Mending the Gap
Landscape Conservation for the Island of Aliabet
Coastal management is one of the most indeterminate parts of urban planning for a resilient future. Ignoring minor miscalculation can result in devastating consequences. The overlooked social cost of the Sardar Sarovar Dam has left the island of Aliabet from an ecologically rich and diverse habitat of the bountiful wetland fauna to a saline wasteland.
The former ecologically lush island of Aliabet from the estuary of the river Narmada is infamous for getting easily submerged during the High-high tides and the seasonal floods. Presently this island has formed connections with the mainland due to the depositions of the sea-sediments. The construction of the Sardar Sarovar Dam has lowered the river’s velocity to wash the island during ebb. The absence of this vital process required for the formation of the brackish water has further declined the growth of the local grass “Aal” and the mangroves. Leading the island to become a saline wasteland, a huge number of species are steered on a cusp of disappearance, bringing a major pause in the ecological cycle.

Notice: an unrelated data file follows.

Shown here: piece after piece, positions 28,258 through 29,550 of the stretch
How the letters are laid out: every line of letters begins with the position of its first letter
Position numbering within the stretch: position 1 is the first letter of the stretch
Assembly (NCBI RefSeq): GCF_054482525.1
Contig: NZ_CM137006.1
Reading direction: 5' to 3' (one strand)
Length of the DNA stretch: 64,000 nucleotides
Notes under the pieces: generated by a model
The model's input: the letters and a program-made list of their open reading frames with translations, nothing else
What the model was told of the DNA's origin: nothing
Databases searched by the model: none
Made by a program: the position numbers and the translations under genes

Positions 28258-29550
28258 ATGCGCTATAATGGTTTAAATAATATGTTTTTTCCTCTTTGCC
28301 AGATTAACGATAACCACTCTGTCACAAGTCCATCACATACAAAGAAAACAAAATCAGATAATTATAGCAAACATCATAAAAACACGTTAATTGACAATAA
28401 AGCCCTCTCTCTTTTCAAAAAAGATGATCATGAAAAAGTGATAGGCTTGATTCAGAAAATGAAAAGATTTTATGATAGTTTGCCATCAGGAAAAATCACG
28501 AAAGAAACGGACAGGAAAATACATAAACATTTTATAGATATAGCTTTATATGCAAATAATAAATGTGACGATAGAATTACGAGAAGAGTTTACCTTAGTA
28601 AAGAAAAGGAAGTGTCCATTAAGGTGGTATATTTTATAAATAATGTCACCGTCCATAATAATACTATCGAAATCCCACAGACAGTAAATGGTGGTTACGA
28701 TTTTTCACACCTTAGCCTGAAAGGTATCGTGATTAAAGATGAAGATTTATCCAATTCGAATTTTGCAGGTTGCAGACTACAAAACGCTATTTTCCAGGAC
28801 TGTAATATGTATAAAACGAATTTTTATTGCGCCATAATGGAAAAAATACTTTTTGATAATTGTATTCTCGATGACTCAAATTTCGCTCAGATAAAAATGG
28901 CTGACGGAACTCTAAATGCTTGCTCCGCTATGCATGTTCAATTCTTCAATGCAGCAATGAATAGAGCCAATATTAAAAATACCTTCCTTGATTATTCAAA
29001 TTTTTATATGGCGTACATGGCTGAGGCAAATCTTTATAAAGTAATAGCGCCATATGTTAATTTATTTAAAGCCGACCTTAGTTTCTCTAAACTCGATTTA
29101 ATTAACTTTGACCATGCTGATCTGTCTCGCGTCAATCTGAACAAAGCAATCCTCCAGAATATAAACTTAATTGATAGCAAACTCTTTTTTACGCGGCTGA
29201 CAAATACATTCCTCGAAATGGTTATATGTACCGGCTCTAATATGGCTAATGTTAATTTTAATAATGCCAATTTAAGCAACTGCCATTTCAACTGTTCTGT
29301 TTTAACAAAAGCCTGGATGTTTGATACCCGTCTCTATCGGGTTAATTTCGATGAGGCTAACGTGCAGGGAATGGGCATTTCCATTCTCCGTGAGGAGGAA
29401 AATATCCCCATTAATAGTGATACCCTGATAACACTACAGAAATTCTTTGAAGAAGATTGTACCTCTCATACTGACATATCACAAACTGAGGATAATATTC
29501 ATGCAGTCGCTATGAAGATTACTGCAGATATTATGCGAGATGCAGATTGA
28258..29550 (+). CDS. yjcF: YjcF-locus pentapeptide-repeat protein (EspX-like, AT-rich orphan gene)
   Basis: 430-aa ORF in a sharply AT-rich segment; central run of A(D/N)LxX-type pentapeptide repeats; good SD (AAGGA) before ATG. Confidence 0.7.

Studies show the prominent presence of nesting habitats of exotic migratory bird species, hilsa fishes and kharai camels on the island of Alia-bet before the construction of Sardar Sarovar Dam (Gross reservoir capacity of 0.95 M.ha.m) which is situated with an approx. distance of 110 km from the island. The proposal is to replenish the lost ecology essential to make the island habitable again. The first step begins with the planting of the polyhaline mangrove species on the degraded edges of the island to strengthen it from further erosion but to also allow it to filter the sediments from both the ends of the recreated mangrove swamps. The second step primarily focusses on retaining the saltwater intrusion by making two separate layers of the e-concrete embankments at strategic locations higher than the level of the Spring tides (3.5m) and the High-high-tides (6m). The embankments also help conserve the rain-water diluting the salinity of the land throughout for 2-3 seasonal cycles. The rain-water pools generated after the construction of the first layer of embankments will be flooded by the High-high tides during the monsoon, which helps form a brackish water zone promoting the growth of the native vegetation and the habitat for the local and the migratory birds. The second layer of the embankment will be higher than the High-high tides and thus will only conserve rain-water promoting freshwater habitats around it. This technique helps create various wetland habitats with different salinity levels, synthesising diverse vegetations and biodiversity on the island. The last step of the proposal is to encourage the native animal-herding community to cultivate the fodder for their livestock (approx. 800 camels and 1700 buffaloes), this gives the community a sense of ownership and responsibility towards the flourishment of the island of Aliabet.